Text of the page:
• An aerial view of Old Faithful erupting taken from Observation Point with the Old Faithful Inn to the side.

    Yellowstone

    National Park ID,MT,WY

Investigation Continues Into Fatal Bear Attack

Subscribe RSS Icon | What is RSS
Date: September 2, 2011
Contact: Al Nash or Dan Hottle, 307-344-2015

National Park Service
U.S. Department of the Interior

Yellowstone National Park
P.O. Box 168
Yellowstone National Park, WY 82190
     
FOR IMMEDIATE RELEASE
September 2, 2011       11-093        
Al Nash or Dan Hottle (307) 344-2015

----------------------------------------------------
YELLOWSTONE NATIONAL PARK NEWS RELEASE
----------------------------------------------------


Investigation Continues Into Fatal Bear Attack


Rangers and wildlife biologists continue to their investigation into last week's a fatal bear attack in Yellowstone National Park.

The body of 59-year old John Wallace of Chassell, Michigan was discovered Friday, August 26, along the Mary Mountain Trail. The investigation and autopsy results confirm that Wallace died Thursday, August 25, of traumatic injuries from a grizzly bear attack.  

Daily reconnaissance flights over the area have resulted in very few bear sightings.

The three bear traps previously set out in the area have been moved to different locations, and five additional traps have been deployed in an attempt to capture grizzlies in the area.

Results of DNA tests of hair samples taken from the attack site and from any bears that may be captured in the area will aid the ongoing investigation into the circumstances surrounding this fatal attack.  

Yellowstone hosts over three million visitors a year, with an average of just one bear caused human injury a year. This is the second fatal bear attack in Yellowstone National Park this year, and only the seventh in the park since it was established in 1872.  

Sunny skies with daytime highs in the 60s could result in a large number of visitors to Yellowstone during the Labor Day holiday weekend.

With such a favorable forecast, campground and lodging in the park could fill very early in the day. Advance reservations are highly recommended. Visitor should plan to arrive early at campgrounds that do not take reservations.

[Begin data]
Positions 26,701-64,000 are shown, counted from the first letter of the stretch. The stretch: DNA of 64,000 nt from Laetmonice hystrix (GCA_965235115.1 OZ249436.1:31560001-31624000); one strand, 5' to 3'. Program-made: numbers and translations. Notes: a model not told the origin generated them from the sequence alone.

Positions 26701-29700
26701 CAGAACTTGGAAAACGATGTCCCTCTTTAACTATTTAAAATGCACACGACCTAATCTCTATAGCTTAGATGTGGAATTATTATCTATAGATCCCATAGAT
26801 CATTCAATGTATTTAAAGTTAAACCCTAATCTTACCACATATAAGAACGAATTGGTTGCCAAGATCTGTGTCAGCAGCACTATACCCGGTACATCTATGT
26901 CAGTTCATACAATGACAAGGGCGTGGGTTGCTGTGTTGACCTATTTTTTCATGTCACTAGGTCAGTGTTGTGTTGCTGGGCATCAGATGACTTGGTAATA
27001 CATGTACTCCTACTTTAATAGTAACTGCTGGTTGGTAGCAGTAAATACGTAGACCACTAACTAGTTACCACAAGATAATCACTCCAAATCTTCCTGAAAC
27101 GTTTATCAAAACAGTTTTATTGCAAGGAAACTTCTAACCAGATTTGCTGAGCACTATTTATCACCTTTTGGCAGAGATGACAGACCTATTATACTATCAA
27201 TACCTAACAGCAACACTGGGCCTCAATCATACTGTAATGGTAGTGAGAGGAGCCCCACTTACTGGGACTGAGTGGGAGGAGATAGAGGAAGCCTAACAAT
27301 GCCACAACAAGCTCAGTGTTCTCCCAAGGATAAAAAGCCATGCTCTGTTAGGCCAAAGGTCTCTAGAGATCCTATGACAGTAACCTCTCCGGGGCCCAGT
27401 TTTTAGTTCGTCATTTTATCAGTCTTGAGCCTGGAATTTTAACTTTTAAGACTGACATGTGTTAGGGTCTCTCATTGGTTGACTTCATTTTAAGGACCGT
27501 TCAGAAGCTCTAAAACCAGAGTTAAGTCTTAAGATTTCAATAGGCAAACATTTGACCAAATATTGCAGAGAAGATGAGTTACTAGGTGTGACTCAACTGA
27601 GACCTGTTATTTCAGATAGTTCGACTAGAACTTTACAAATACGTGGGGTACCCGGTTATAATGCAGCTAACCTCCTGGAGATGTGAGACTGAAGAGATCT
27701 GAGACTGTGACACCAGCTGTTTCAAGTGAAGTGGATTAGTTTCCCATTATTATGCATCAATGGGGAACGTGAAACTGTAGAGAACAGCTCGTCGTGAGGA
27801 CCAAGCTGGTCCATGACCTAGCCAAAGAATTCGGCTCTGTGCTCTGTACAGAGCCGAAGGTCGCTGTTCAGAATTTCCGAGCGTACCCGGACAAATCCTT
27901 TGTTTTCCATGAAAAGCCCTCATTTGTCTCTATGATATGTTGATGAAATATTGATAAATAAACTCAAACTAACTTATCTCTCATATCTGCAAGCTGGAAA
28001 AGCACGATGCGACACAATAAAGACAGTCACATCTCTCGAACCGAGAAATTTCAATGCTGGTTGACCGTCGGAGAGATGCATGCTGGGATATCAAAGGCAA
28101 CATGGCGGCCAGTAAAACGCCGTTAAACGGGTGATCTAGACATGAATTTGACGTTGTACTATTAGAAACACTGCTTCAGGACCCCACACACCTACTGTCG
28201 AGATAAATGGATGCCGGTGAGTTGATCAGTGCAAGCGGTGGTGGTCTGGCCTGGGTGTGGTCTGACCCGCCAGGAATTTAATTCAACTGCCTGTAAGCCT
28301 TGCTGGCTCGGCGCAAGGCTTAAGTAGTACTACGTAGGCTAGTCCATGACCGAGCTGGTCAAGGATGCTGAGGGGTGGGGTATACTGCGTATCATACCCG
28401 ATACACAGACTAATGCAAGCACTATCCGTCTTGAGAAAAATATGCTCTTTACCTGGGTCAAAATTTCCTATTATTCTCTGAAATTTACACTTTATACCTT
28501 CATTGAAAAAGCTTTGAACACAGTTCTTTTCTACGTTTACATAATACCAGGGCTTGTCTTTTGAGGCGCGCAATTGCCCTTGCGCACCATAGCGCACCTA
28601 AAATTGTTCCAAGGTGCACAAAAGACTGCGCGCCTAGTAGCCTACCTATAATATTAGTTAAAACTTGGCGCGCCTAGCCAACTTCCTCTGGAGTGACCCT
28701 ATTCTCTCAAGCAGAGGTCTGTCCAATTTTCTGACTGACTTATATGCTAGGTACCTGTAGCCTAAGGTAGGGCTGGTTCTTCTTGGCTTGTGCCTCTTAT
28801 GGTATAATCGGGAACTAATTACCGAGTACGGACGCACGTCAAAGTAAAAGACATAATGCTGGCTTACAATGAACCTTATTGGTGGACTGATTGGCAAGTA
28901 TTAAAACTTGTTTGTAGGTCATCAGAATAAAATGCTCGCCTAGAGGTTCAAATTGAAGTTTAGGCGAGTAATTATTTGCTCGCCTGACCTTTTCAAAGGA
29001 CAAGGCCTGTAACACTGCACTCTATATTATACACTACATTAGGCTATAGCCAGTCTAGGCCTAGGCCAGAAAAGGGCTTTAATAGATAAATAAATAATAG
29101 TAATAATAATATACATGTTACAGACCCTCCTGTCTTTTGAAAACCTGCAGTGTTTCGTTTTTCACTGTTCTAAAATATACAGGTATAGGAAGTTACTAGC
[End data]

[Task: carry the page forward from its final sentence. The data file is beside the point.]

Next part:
Some visitor services begin to close for the season starting Sunday, September 4. Details are available in the park newspaper handed out at entrance stations, from the staff at visitor centers and information stations in and near the park, or online at http://www.nps.gov/yell/planyourvisit/index.htm.

All roads to and inside the park are open. There are no construction related delays or closures associated with the Lamar River Bridge project scheduled over the weekend.

The fire danger rating in Yellowstone is currently " High." Visitors are encouraged to be careful with campfires, grills, camp stoves and smoking materials. When actively burning, smoke may be visible from park roadways.

With bison mating season ending, the elk mating season beginning, and bears focused on eating to gain weigh before winter arrives, visitors are encouraged to educate themselves about wildlife safety utilizing the many resources available including the park web site, the newspaper handed out at park entrances, and the signs posted at every trailhead.

Visitors are reminded that park regulations require people to stay at least 100 yards away from bears and wolves and at least 25 yards away from all other large animals.

Hikers are encouraged to travel in groups of three or more, make noise on the trail, and carry bear spray.

Some trails and backcountry campsites are temporarily closed due to fire or wildlife activity. The latest information on backcountry access is available by contacting Visitor Centers or Backcountry Offices.


- www.nps.gov/yell -


Twitter: @YellowstoneNPS
RSS Feed: http://www.nps.gov/feeds/getNewsRSS.htm?id=yell
----------------------------------------------------------
EXPERIENCE YOUR AMERICA (tm)
The National Park Service cares for special places saved by the American people so that all may experience our heritage.

Did You Know?

Bison in Yellowstone.

There are more people hurt by bison than by bears each year in Yellowstone. Park regulations state that visitors must stay at least 25 yards away from bison or elk and 100 yards away from bears.